Wolf Administration says there is no food shortage, urges against panic buying

"The unnecessary panic buying, emptying of shelves is causing serious supply chain challenges for the retail stores."

  • Rachel McDevitt

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(Harrisburg) — Empty shelves have become a common sight at stores as people stock up on supplies during the coronavirus pandemic.

The Wolf Administration is bracing for an increase in people applying for food assistance and unemployment benefits as businesses temporarily close.

But officials stress Pennsylvania is not facing a food shortage.

Grocery stores and food production companies are essential businesses under Governor Tom Wolf’s statewide shutdown order and will remain open.

Agriculture Secretary Russell Redding said people need to be more measured in their food shopping.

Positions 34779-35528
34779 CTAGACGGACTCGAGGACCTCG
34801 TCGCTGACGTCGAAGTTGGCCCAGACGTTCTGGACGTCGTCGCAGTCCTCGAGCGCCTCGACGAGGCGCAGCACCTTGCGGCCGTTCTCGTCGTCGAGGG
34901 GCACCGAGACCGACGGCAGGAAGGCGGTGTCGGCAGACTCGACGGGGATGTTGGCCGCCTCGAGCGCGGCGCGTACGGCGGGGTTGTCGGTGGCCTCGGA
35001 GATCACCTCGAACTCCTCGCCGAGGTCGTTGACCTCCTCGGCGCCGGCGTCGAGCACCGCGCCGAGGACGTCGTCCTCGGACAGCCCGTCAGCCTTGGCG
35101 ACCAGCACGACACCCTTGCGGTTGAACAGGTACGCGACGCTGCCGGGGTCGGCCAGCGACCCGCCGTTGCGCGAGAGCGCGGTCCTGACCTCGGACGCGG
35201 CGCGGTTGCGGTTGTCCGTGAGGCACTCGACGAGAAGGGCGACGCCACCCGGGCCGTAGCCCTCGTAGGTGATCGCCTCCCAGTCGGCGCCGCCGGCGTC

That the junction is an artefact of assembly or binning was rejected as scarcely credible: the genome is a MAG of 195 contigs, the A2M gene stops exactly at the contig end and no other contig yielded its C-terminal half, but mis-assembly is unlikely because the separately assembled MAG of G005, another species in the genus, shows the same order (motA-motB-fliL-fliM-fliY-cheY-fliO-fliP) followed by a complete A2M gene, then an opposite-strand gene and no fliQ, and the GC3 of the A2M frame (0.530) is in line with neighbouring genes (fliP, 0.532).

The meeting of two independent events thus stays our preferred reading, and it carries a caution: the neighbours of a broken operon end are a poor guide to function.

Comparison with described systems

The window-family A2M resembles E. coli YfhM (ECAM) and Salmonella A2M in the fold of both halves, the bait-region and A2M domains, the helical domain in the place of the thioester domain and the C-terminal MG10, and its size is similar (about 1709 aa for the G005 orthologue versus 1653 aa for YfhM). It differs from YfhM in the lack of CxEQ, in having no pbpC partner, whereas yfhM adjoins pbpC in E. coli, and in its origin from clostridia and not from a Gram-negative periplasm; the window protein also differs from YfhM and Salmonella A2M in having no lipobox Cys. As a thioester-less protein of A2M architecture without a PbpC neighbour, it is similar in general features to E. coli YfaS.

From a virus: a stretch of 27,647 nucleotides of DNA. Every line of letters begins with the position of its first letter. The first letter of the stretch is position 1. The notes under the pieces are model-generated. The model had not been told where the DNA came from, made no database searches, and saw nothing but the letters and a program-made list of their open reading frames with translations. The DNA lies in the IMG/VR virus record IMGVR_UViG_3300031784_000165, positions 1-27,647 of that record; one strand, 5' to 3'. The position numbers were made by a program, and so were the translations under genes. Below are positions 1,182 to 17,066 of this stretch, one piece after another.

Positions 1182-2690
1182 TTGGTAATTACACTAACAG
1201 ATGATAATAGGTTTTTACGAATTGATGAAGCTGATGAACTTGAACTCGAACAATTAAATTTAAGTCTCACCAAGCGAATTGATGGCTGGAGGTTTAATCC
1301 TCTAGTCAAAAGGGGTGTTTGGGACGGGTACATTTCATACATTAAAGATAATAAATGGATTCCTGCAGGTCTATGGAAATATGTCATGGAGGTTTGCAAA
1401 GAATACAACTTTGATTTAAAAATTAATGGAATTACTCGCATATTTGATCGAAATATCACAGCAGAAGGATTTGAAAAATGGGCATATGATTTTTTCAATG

“The unnecessary panic buying, emptying of shelves is causing serious supply chain challenges for the retail stores, our regional food banks and the local food pantries,” Redding said.

He warns if people continue to buy more than they normally need, that will put a strain on nonprofit food organizations that rely on commercial partners for donations.

As an increasing number of Pennsylvanians face layoffs and uncertainty, he said they are turning to food banks to feed their families.

“As a result, there is not enough food at the ready for regional food banks to easily ramp up and serve the rapidly-increasing need,” Redding said.

The state has launched an emergency Feeding Taskforce to identify resources and provide food and water to communities in need. It is asking businesses to fill out an online survey if they have resources. Individuals who are now facing food insecurity can respond to a separate survey.

The Department of Human Services has also applied for a federal waiver to ensure nutrition assistance benefits continue for people who can’t submit paperwork during the coronavirus crisis.

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